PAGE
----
Sabey Data Centers adds PacketFabric's SDN platform
23 March 2017 | James Pearce
Sabey Data Centers as began offering PacketFabric’s software-defined networking (SDN) platform at its data centre locations in New York, Seattle, Virginia and Washington.
The fully automated network platform allows direct provisioning of terabit-scale connectivity. Sabey will offer it at their Manhattan, Seattle, Ashburn and Quincy sites.
PacketFabric’s SDN-powered network offers coast-to-coast connectivity between 118 carrier neutral colocation facilities in 11 US markets. Sabey’s customers will now be able to provision connectivity between any locations on that network.
“The digitization of data has driven new network requirements for businesses, especially those with vast data demands such as healthcare providers and enterprises,” said Daniel Meltzer, VP of sales and leasing at Sabey Data Centers.
“Bringing the PacketFabric platform into our facilities provides Sabey customers with industry-leading infrastructure as well as the ability to instantly provision terabits of capacity to any other network or facility connected by the fabric. This enables fast, secure and seamless data transfer as well as reliable, cost-effective connectivity between multiple regions and data centres across the U.S.”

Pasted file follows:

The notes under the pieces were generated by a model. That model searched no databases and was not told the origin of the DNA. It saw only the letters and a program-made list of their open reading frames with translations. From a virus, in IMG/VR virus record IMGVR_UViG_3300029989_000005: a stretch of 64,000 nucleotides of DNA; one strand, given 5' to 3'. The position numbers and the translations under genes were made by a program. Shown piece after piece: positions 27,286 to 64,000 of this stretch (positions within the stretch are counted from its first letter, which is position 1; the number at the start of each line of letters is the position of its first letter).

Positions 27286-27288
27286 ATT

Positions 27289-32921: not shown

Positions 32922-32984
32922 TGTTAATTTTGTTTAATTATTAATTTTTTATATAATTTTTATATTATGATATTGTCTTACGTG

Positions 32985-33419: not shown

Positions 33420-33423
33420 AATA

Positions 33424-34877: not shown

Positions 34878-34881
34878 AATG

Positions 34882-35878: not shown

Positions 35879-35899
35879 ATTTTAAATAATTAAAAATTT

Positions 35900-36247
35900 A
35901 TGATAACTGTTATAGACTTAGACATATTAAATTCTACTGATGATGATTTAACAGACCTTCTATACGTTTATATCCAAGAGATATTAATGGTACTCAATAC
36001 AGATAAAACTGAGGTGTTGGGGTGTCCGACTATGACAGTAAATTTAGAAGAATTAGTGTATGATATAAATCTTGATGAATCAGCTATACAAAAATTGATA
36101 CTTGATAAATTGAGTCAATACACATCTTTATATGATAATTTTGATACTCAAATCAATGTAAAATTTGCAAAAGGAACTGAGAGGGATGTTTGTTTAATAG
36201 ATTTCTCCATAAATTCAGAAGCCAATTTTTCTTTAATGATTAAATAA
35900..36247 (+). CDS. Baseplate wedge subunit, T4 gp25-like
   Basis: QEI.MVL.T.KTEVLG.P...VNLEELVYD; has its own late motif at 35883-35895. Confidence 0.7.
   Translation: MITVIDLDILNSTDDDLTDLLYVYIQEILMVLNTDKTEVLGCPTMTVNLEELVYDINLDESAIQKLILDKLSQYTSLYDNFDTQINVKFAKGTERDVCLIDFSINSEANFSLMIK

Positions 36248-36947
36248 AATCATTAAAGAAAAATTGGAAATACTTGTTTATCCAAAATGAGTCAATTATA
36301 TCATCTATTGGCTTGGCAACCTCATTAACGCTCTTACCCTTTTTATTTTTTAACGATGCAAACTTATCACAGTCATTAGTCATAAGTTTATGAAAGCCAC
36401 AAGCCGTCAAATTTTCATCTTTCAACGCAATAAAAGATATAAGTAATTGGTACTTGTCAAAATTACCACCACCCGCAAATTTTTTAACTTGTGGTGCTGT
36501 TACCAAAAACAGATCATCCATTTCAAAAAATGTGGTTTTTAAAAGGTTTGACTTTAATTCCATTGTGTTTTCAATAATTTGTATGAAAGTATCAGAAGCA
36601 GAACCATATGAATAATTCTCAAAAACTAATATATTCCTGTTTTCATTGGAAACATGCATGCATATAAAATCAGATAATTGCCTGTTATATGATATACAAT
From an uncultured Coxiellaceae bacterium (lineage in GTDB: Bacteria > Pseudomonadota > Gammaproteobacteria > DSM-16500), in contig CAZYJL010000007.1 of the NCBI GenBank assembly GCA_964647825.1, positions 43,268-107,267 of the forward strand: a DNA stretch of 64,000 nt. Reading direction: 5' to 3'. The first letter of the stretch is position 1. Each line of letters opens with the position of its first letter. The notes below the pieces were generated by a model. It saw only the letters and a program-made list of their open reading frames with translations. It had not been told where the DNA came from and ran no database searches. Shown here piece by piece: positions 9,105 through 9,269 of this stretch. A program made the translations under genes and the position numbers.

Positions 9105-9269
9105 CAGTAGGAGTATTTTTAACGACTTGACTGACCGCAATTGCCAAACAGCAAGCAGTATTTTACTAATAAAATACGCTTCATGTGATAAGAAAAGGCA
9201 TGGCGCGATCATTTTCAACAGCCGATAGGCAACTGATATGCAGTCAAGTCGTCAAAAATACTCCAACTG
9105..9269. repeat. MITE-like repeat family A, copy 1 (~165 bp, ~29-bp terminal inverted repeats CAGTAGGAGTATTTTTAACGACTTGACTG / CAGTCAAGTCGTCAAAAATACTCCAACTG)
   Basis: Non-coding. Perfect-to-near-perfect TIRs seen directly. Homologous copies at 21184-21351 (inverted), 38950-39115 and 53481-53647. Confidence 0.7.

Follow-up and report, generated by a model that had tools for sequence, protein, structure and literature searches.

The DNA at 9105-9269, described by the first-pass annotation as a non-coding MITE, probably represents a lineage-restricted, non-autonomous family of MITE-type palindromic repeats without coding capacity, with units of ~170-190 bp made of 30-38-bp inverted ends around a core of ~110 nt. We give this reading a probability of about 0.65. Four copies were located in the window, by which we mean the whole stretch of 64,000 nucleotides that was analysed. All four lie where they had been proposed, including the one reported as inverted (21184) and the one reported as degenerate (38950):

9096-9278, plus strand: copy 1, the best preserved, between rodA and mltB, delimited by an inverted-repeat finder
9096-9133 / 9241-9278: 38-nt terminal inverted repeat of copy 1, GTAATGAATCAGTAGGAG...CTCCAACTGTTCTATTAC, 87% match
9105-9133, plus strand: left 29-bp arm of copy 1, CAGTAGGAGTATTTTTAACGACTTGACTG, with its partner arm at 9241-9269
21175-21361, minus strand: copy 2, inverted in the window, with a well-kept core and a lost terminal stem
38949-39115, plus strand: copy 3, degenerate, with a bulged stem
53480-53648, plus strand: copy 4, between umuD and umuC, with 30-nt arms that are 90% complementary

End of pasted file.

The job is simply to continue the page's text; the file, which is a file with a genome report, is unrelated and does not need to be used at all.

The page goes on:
PacketFabric, which is owned by NantWorks, delivers hundreds of terabits per second of on-demand data across its private backbone.
It also allows customers to design and deploy any network configuration by using its API and web-based portal. This, it claims, offers “unmatched visibility and control” over network traffic and services.
“With PacketFabric, Sabey customers can access scalable, next-generation cloud networking services and more easily provision and maintain network infrastructure,” adds William Charnock, CEO of PacketFabric.
“The cloud-based logic underpinning the PacketFabric platform also enables users to mitigate the headaches commonly associated with traditional telecommunications solutions, including expensive stranded capacity and long-term, inflexible contracts, and provision scalable network connectivity on a month-to-month or usage-basis.”
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